1. Stretch muscles that are tight

You’ll see Ashley stretch her piriformis muscle in the video and you can also stretch your muscles on your own with your hands or a foam roller. We’re big fans of massage therapy for loosening up those muscles that you’re experiencing tightness in.

Be careful if you decide to stretch your muscles at home because it is possible to do additional damage to your sciatic muscle if you don’t know what you’re doing or if you have problems that go beyond piriformis tightness. If you choose to do a self piriformis release make sure to stretch the unaffected side of your body as well.

2. Exercise muscles that are weak

Everybody has certain muscles in their core that are not as strong as they could be. By doing regular exercises to strengthen your abdominals, glutes, and diaphragm you’ll be able to strengthen your core which will create better support for your piriformis and psoas muscles. These regular exercises are key for our patients and they are a simple thing you can do on a daily basis to prevent pain.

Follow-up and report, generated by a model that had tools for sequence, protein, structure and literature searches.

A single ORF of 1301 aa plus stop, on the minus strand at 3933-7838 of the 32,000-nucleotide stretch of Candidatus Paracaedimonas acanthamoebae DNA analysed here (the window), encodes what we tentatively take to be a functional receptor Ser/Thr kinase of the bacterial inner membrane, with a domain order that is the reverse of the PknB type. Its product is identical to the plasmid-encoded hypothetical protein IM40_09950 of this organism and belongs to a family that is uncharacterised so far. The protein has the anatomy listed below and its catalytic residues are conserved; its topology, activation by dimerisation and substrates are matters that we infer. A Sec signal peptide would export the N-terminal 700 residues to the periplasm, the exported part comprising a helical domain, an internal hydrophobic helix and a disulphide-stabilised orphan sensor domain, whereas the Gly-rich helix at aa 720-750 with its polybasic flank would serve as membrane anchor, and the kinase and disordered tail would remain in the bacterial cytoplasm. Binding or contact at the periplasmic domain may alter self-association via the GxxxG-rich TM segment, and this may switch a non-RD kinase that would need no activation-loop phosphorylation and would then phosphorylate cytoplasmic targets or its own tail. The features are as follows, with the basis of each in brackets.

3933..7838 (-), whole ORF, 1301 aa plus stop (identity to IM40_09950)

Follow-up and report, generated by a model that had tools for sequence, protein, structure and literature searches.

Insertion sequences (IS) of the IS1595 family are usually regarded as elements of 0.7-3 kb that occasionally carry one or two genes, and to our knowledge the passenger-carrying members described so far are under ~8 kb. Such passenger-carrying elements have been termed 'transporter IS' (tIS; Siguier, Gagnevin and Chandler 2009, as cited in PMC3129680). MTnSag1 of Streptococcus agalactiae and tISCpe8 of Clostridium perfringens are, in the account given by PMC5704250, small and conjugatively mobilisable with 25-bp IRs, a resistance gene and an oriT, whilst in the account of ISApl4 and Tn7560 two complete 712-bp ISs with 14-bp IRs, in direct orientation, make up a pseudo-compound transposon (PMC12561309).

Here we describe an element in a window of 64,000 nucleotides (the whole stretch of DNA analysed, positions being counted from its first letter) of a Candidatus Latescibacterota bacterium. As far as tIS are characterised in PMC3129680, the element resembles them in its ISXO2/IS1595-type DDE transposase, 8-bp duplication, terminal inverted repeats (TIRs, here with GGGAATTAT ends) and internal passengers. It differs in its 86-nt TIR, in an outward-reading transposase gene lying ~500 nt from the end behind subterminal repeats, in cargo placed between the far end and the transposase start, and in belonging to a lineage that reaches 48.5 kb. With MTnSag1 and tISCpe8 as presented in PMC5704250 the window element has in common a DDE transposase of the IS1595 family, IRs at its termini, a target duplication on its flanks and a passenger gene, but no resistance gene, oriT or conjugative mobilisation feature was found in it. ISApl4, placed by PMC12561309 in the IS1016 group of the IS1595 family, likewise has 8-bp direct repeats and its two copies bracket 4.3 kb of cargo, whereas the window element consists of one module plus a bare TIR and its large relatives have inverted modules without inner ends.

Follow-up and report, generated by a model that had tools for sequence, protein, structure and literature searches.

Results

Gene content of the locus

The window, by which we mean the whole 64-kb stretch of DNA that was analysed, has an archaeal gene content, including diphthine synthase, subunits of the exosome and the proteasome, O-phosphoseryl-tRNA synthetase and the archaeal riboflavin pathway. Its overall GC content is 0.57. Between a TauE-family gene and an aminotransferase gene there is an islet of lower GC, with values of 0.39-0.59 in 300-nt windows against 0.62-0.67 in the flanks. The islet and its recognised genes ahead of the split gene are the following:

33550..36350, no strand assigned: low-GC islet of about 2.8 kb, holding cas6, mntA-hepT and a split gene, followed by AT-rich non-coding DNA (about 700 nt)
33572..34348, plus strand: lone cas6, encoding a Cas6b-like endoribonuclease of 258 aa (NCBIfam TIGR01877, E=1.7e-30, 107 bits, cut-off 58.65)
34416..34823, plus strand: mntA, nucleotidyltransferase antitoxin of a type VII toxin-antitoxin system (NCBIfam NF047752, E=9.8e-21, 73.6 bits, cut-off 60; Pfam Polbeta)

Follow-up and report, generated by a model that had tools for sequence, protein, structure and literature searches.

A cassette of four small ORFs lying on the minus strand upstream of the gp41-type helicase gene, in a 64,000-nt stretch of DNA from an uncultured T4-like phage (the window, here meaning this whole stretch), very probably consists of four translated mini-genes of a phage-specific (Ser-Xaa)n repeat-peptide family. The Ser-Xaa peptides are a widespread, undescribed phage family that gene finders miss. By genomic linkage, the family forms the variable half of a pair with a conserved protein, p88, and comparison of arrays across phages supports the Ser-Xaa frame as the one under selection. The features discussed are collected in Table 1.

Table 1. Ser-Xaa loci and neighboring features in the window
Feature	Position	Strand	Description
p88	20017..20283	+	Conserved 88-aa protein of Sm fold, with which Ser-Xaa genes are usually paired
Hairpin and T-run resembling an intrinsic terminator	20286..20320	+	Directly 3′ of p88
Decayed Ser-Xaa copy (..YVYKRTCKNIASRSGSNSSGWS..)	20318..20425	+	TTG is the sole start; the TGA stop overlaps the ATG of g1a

3. Have a chiropractic adjustment

You’ve already taken care of tight and weak muscles so now it’s time for a chiropractic adjustment to support your joints. A chiropractic adjustment will improve your spine health and flexibility while relieving some of that back pain you’re experiencing.

In addition to easing your pain, our doctors can help you strengthen your piriformis muscle so you can avoid having this kind of pain in the future. We can give you a variety of stretches and exercises you can do at home to strengthen your piriformis muscle and core muscles, ease back pain, and prevent future injury. Click here to schedule your appointment!

OFFICE HOURS


Monday
7:30am - 12:00pm
2:00pm - 5:00pm


Tuesday
7:30am - 12:00pm
2:00pm - 5:00pm


Wednesday
7:30am - 12:00pm
2:00pm - 5:00pm


Thursday
7:30am - 12:00pm
2:00pm - 5:00pm


Friday
Closed


Saturday
Closed

Kalkstein Chiropractic
200 East Joppa Road #300
Towson, MD 21286
(410) 296-7700